Pearson Creates Options As Blue Jays Stay ‘Open Minded’ With Pitch


TORONTO – It took just three shots for Nate Pearson to remind the Toronto Blue Jays of what they’ve been missing over the past five weeks.

Pearson’s first pitch of the night, a called knee kick for Austin Hays of the Baltimore Orioles, was timed at 100.1 mph, his second pitch was a slider that abruptly snapped as he approached home plate and induced a swing and a miss for the second shot. And even though his third pitch was way over the top of the strike zone, he was going 101.5 mph. Hays swung and missed again.

With that one at bat, Pearson allayed some of the concerns about elbow strain that had sidelined him since Aug. 18 and renewed his optimism about what he can offer the Blue Jays in the playoffs. . His comeback has been one of the many bright spots for a team that suddenly have the luxury of prioritizing next week’s wild card over immediate results. Of course, it never hurts to win either, and the Blue Jays did it with ease on Friday, beating the Orioles 10-5 in Game 1 of their final series of the season at Sahlen Field.

The offense has continued to come for the Blue Jays, who have secured homers from Randal Grichuk and Travis Shaw, but most of the intrigue exists on the pitching staff as the season winds down. Ahead of the game, general manager Ross Atkins said the Blue Jays were considering “alternative strategies” as they prepare to pitch for next week’s three-game playoff series.

“As you’ve seen over the year, we haven’t taken the more traditional approach,” Atkins said. “We will continue to be open-minded.”

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At this point, nothing has been finalized, not even the start of the first game for Hyun Jin Ryu. And with that in mind, Taijuan Walker’s intentionally shortened three-innings appearance in his final start to the season is of particular interest. Walker struck out all nine batters he faced while suppressing five of 42 shots.

It was an impressive outing, and one that could theoretically open up the possibility of a first game start on Tuesday. If nothing else, it served his purpose of allowing Walker to work without overworking himself.

“I felt really good,” Walker said. “I thought everything was good and clean. I was throwing strikes which is the # 1 goal every time I go.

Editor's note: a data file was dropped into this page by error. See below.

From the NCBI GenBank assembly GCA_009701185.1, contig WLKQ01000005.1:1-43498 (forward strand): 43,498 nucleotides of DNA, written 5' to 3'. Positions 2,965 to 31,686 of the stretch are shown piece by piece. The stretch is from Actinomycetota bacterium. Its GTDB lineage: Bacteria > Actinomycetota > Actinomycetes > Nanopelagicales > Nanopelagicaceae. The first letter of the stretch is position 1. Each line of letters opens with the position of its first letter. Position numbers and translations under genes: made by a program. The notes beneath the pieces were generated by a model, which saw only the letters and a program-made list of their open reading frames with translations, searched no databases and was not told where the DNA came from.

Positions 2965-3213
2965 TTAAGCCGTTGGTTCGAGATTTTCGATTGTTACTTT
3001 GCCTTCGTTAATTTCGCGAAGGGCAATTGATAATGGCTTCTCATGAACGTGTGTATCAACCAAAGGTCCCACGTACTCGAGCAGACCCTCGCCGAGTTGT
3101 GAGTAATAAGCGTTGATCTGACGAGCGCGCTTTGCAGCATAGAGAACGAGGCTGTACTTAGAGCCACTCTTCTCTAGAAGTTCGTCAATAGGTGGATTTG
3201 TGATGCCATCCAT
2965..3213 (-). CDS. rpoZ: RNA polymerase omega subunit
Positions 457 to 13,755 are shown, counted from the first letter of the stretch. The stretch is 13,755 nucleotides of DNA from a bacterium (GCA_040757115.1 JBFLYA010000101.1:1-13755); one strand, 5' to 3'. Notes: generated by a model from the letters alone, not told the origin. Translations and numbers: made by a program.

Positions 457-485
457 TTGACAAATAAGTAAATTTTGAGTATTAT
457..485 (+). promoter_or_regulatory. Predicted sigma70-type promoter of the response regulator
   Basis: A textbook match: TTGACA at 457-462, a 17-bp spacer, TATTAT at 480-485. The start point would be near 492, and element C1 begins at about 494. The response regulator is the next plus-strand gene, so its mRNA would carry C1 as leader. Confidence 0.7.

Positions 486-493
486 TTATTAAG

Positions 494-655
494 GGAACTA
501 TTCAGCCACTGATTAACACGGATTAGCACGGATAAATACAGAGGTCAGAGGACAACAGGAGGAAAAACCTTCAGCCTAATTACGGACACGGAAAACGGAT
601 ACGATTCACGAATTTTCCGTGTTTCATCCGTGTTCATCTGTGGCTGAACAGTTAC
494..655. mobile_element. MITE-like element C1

But after throwing a record 100 shots in the Blue Jays’ decisive victory, Ryu was “a little sore” on Friday, according to manager Charlie Montoyo. With that in mind, it’s possible the Blue Jays will be looking to give him an extra day off before his first playoff start.

In theory, the Blue Jays could move Ryu to Game 2 and use a combination of Walker and Robbie Ray in Game 1 (Ryu excelled on four and five days off, although his withdrawal to walk was better with a day off. additional recovery.). Of course, this is only one possibility among many, and none of this needs to be finalized yet. At this point, the Blue Jays can just wait to find out about their opponent while making different paths ahead and asking the pitchers themselves how they feel.

“We think we don’t have the five starting prototypes that some teams have, but we have some really interesting options that we want to make sure we think about and exhaust all the potential angles,” Atkins said.

Pearson’s return certainly opens up options for the Blue Jays, although he will be limited to relatively short stints from then on. He averaged 99 mph on his 24-pitch outing on Friday, hitting two batters while still allowing for a hit and a 1.2 inning walk. If he can replicate that in the postseason, the Blue Jays will be delighted.

“He’s a big boy. A very tall boy, ”said Walker, who is rated at six foot four, 235 pounds. himself. “I’m delighted to watch him for us in the postseason. It’s going to be one of those guns that I think no one really knows about. He’s going to come in and fire the radar gun and get some big outs.

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Beyond the radar gun, Pearson also passed other tests that go along with his new role. He warmed up in the bullpen during the game, rather than before. And his night lasted two innings to prepare him for a multi-innings role in the playoffs.

“It was amazing,” Pearson said. “It was really nice to be back to myself there.”

The bullpen could soon get another arm of power as Jordan Romano “looked really good” in a bullpen session Friday, according to Montoyo. An appearance in Sunday’s season finale remains a possibility, or the Blue Jays could simply add Romano to the postseason roster without using him in a game first.

As for the rotation, Matt Shoemaker will look to build on a solid return from the injured list on Saturday and Tanner Roark will pitch on Sunday. An extended outing for Roark in the season finale would presumably knock him off the wildcard list, allowing the Blue Jays to make room for another player (Atkins expects a bigger bench in the wildcard round , and 13-15 pitchers).

In the meantime, the wheels keep turning for Blue Jays makers. At some point soon, it will be time to make some final calls on how they structure their pitching team in the playoffs. So far, all that’s clear is that they still have one impact arm to work with following Pearson’s impressive comeback.


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